Monday, February 28, 2011

The Battle of Midway (1942)

Back in WWII, Director John Ford was just like any raw recruit who took to arms to defend his nation. That's right, just like any 50 year old recruit. His job: Shoot the enemy. That is to say, film the enemy shooting us. He got that opportunity during the famous battle of Midway. The result is an 18 minute documentary short.

In said documentary, Ford filmed service men, sea birds, enemy aircraft, more soldiers, while liberal Hollywood types like Henry Fonda narrate, pretending to be red-blooded real Americans. For this, Ford won the Oscar for Best Documentary.

Currently I'm at risk of spending more time typing this than I did watching it, so let me sum up like this: Ford was in the right place at the right time (maybe too right - he was wounded while filming) and this struck a nerve. Adding actor voices was an interesting technique. I wonder if the stories and names were accurate. Still, the Jingoistic hoopla was a little bit much. It came off tasting a bit of corn. I'll forgive the amateurish look because the technology of the day and the extreme difficulty of the circumstance. A little surprising that it won an Oscar, but an interesting piece none the less. AMRU 3.

Apparently Tojo is a reference to a Japanese soldier. I am told it's derogative, but who gives terms of endearment to enemy soldiers?

Friday, February 25, 2011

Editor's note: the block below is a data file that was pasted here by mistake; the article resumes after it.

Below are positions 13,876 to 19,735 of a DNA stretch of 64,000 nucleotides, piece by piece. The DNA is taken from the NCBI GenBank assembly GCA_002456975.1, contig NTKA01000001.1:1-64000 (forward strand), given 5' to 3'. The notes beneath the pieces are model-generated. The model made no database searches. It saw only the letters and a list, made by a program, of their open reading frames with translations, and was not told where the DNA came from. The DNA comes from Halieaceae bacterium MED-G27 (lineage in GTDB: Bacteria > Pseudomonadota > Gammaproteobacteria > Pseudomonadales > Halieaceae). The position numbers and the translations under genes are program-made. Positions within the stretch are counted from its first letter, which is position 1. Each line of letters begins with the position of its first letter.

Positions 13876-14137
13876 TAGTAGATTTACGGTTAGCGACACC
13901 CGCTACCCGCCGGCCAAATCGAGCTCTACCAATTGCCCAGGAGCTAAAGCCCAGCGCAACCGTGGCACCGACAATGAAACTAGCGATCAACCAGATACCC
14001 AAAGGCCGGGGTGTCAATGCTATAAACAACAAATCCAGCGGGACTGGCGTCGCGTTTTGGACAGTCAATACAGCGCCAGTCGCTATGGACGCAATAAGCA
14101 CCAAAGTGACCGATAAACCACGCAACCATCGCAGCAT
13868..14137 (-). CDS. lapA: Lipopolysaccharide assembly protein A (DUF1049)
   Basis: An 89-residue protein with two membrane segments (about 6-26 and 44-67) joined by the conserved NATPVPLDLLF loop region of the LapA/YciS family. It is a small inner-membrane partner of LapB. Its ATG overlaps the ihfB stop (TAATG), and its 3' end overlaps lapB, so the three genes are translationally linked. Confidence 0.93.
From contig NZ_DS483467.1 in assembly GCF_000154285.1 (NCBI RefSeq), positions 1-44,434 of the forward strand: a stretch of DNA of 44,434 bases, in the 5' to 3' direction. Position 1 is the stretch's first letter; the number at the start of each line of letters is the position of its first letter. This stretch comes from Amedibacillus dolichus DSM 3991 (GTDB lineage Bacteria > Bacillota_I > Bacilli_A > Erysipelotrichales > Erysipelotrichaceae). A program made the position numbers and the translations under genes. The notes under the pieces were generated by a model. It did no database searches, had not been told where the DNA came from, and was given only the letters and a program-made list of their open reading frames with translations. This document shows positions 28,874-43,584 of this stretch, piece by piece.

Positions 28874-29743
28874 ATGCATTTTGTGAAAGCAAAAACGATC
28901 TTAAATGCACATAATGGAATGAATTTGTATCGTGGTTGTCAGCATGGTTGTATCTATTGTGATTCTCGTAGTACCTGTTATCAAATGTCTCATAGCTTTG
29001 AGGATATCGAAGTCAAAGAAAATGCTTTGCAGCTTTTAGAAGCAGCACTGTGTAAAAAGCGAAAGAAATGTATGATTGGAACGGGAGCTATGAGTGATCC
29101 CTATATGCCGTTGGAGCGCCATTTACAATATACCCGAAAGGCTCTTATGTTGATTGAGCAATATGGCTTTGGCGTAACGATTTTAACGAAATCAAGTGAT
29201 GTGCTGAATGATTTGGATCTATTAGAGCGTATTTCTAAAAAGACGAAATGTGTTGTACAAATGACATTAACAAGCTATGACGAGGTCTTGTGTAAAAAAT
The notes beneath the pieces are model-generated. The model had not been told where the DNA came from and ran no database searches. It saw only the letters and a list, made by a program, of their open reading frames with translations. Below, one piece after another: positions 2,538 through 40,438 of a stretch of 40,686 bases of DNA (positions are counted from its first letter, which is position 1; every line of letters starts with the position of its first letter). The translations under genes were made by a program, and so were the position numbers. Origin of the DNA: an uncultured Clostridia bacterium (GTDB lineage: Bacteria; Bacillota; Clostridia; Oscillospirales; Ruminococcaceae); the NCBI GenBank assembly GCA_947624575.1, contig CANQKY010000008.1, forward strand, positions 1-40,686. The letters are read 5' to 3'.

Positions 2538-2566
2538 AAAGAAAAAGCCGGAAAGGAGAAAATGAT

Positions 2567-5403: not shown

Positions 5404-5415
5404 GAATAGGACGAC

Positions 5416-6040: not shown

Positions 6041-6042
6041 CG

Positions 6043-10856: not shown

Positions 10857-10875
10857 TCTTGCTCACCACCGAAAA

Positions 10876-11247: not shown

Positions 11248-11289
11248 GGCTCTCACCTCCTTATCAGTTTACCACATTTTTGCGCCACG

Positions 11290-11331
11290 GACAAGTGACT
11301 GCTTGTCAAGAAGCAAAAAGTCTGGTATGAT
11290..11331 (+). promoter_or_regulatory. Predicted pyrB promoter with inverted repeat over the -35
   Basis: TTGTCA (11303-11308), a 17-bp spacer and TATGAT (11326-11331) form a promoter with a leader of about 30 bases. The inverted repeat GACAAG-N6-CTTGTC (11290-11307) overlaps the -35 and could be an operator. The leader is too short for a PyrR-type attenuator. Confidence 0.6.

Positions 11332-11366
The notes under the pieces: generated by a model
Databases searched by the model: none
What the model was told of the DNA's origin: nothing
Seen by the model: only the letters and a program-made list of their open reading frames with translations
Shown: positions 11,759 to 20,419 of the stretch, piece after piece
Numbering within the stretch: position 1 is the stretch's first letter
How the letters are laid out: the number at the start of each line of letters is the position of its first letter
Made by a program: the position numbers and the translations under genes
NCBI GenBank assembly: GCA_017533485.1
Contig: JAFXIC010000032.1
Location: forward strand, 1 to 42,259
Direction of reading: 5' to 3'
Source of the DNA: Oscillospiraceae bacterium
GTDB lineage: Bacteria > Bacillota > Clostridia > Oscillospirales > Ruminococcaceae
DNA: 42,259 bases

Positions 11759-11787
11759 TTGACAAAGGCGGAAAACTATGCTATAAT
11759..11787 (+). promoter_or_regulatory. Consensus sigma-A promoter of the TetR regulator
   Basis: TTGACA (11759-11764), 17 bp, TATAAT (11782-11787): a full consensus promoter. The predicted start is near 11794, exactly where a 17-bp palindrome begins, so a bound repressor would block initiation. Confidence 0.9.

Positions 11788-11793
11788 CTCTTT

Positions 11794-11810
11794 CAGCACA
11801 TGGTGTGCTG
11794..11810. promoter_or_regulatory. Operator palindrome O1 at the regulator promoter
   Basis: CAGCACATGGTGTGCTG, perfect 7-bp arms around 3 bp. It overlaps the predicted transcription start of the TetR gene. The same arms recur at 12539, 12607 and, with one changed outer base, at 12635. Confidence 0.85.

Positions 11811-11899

The Body Snatcher (1945)

No, not one of the Invasion Of movies. 1945's The Body Snatcher is based on a Robert Louis Stevenson short story. I should see if I have a copy of it to see how close it comes. Here, the body snatcher is a man who steals dead bodies and sells them to medical students. His name is Cabman John Gray, but folks round town call him Boris.

Young hot-shot medical student has second thoughts about his chosen profession, but the cold hearted head doctor takes him under his wing and makes him his apprentice. Here he learns that not all cadavers the college uses are obtained in a strictly legal manner.

Young good doctor feels a little better about it when he decides to champion the case of a young girl who lost the use of her legs in the same accident that made her hot momma a widow. Hubba hubba. When young good doctor finally convinces old heartless doctor to actually touch a patient, he once again needs the service of even older, evil cabman.

But the body Boris brings back is a little fresher than most. If it weren't for the poor little girl, and her hot momma, he would have some serious misgivings about this arrangement. Besides, you can't turn in the guy who you buy dead bodies from.

Anyhow, we find out more of Cold Old Doctor and Evil Older Cabman's history together. Seems that the cabman did some serious time for protecting the identity of the old doctor, and he uses that fact to his advantage. How does it end? You'll just have to rent it. Bela Lugosi plays Ygor to the Old Doctor.

This came on the same DVD as I Walked with a Zombie and was something of a surprise. While I liked the former better, this had the same quality production. It was directed by Robert Wise, who has his name on films like The Day the Earth Stood Still, The Sound of Music, and West Side Story. Sadly, he also has his name attached with stinkers like Star Trek: The Motion Picture.

Now, everybody know the Bela Lugosi voice. I Vant to Bite your Neck! There is also a Boris Karloff voice, an over-the-top English accent parodied in the song, The Monster Mash. Here is the first film where I heard that voice. Boris was a bit over the top, but it worked. Each film I see him in I am impressed anew. AMRU 4.

Tuesday, February 22, 2011

Charlie Chan in the Secret Service (1944)

Netflix recently made suggestions based on my interest in Charlie Chan in the Secret Service. Oh, yea, I thought. I saw that. I forgot to blog about it. Talking about staying power ...